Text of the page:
ISSN (Print) - 0012-9976 | ISSN (Online) - 2349-8846

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Hisar Elections

The outcome of a bye-election cannot become an indicator of either a loss or gain in the popular standing of a political party (“The Hisar Bye-elections: Myth and Reality”, EPW, 12 November 2011). Quantifying this with the number of polled votes and with socially gathered impressions can prove erroneous.

The outcome of a bye-election cannot become an indicator of either a loss or gain in the popular standing of a political party (“The Hisar Bye-elections: Myth and Reality”, EPW, 12 November 2011). Quantifying this with the number of polled votes and with socially gathered impressions can prove erroneous.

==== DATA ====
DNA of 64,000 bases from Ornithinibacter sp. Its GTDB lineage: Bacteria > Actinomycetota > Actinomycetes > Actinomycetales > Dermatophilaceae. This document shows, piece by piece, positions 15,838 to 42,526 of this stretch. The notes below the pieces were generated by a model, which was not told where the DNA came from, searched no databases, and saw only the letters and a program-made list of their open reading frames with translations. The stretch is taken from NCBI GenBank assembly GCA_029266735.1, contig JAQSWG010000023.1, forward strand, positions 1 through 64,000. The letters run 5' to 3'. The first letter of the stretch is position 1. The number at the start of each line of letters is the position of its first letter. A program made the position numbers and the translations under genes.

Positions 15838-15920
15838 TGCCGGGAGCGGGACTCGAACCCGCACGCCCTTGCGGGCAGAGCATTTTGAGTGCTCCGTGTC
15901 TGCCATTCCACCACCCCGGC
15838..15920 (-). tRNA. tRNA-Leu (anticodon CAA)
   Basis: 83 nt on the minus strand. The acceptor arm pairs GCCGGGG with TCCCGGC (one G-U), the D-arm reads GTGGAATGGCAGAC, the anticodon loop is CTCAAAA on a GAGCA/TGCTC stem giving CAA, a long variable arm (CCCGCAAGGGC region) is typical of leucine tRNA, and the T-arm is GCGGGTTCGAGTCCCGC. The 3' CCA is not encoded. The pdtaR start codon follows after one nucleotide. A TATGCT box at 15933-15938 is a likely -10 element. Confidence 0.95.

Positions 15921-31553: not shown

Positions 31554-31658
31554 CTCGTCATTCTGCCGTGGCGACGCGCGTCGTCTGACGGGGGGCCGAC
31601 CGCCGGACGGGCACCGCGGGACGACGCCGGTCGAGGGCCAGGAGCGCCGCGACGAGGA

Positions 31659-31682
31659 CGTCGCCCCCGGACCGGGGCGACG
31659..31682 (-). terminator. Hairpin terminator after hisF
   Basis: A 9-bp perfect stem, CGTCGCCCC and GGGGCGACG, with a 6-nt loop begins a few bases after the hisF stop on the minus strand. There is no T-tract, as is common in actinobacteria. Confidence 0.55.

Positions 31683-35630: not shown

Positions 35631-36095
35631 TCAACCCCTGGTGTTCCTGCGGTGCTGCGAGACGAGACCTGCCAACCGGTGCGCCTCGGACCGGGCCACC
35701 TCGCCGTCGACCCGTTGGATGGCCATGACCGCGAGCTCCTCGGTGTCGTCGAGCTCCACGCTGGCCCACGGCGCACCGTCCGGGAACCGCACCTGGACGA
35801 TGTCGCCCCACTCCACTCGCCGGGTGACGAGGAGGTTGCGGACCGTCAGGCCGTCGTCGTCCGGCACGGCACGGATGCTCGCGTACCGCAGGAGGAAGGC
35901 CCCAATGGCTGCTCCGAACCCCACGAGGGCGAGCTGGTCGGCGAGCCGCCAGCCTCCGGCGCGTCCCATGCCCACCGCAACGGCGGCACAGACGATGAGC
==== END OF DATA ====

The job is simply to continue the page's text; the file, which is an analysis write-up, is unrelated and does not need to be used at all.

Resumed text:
It is well known that many social, political, economic, psychological, national and even international concerns are major deciding factors during an election which mobilises people in large numbers. By persistently stic king to a hackneyed reading of political behaviour and attempting to co-relate the outcome with the factional, parochial and religious or caste factors, an analyst can go wrong.

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